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Canberra Today 14°/17° | Wednesday, November 29, 2023 | Digital Edition | Crossword & Sudoku

Love letters delivered by superb performances

Michael Sparks and Andrea Close in “Love Letters”.

Theatre / “Love Letters”, written by AR Gurney, directed by Kate Blackhurst. At Canberra Rep Theatre until March 26. Reviewed by LEN POWER.

“LOVE Letters”, which was first performed in the US in 1989, centres on two fictional well-to-do Americans, Melissa Gardner and Andrew Makepeace Ladd III.

Covering nearly 50 years, we witness their early hopes and dreams and share their disappointments, successes and failures through their correspondence with each other as they lead their mostly separate lives.

The play needs skilled performers who can carry this two-handed play in a minimal setting. Luckily, Canberra Rep have Michael Sparks and Andrea Close, two Canberra actors with formidable experience. Seen together in last year’s electrifying “Who’s Afraid Of Virginia Woolf?”, they again create believable characters as they change through the decades.

As they read letters from each other, we are drawn into their lives and hang on every word. Sparks as Andrew Makepeace Ladd III is a young, awkward boy who is drawn to Close’s smart-talking, young Melissa Gardner. As the play progresses, both actors’ skilled body language as well as their voice modulations and acute sense of timing add considerable colour to their changing characters over the years. Both performers give superb performances.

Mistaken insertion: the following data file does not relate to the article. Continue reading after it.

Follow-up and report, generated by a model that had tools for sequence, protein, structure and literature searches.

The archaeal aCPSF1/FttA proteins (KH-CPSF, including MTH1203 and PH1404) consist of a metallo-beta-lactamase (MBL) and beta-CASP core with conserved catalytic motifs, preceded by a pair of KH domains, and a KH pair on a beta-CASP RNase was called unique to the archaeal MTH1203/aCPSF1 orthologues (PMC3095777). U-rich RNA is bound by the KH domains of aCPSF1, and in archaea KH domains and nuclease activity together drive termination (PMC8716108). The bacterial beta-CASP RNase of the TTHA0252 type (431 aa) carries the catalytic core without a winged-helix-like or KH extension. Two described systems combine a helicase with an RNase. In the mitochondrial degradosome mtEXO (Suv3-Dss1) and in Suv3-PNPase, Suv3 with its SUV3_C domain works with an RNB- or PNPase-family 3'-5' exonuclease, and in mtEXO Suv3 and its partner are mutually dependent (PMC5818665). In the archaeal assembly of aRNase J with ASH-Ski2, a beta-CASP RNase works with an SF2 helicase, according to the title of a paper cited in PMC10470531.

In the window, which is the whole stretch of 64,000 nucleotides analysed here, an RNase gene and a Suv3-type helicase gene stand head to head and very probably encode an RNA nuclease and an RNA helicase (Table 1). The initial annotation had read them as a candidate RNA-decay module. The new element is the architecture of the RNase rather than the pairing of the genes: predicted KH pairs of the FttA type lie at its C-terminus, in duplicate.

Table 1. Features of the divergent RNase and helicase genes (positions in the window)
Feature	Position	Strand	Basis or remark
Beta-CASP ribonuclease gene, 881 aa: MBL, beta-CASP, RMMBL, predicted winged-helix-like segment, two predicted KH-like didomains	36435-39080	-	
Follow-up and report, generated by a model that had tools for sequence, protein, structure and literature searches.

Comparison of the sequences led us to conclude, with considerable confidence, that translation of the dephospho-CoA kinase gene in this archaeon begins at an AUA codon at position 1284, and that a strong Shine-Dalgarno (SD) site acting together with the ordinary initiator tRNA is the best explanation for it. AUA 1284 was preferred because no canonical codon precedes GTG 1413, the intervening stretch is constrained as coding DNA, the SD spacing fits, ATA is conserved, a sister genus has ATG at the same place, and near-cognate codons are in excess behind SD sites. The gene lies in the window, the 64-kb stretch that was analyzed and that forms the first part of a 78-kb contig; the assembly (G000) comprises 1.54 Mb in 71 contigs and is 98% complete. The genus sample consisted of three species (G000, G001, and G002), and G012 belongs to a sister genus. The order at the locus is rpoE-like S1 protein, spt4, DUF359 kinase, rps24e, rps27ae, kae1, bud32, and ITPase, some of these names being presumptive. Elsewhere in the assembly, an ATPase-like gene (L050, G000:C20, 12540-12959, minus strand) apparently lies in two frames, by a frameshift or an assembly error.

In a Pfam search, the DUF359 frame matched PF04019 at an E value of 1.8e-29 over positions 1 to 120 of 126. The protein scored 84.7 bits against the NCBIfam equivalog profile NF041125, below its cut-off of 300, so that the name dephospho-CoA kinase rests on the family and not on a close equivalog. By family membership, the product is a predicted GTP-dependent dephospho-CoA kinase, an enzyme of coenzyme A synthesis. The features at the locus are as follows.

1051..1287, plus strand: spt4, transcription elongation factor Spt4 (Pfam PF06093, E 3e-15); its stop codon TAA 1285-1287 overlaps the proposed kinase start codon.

The audience is drawn into the details of the lives of these people against a background of the manners and morals of these 50 years or so in American history.

Director Kate Blackhurst has ensured that the gradual changes in the actors’ characters is well-balanced and has a believable depth. The simple setting by Andrew Kay keeps the focus clearly on the actors.

Letter-writing may be a dying art in this digital age but humans still need to communicate. The means may be different these days, but the sentiment portrayed in the play is still something we can identify with. It’s not surprising that we are spellbound and ultimately moved by these two friends as they correspond over the years.

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Helen Musa

Helen Musa

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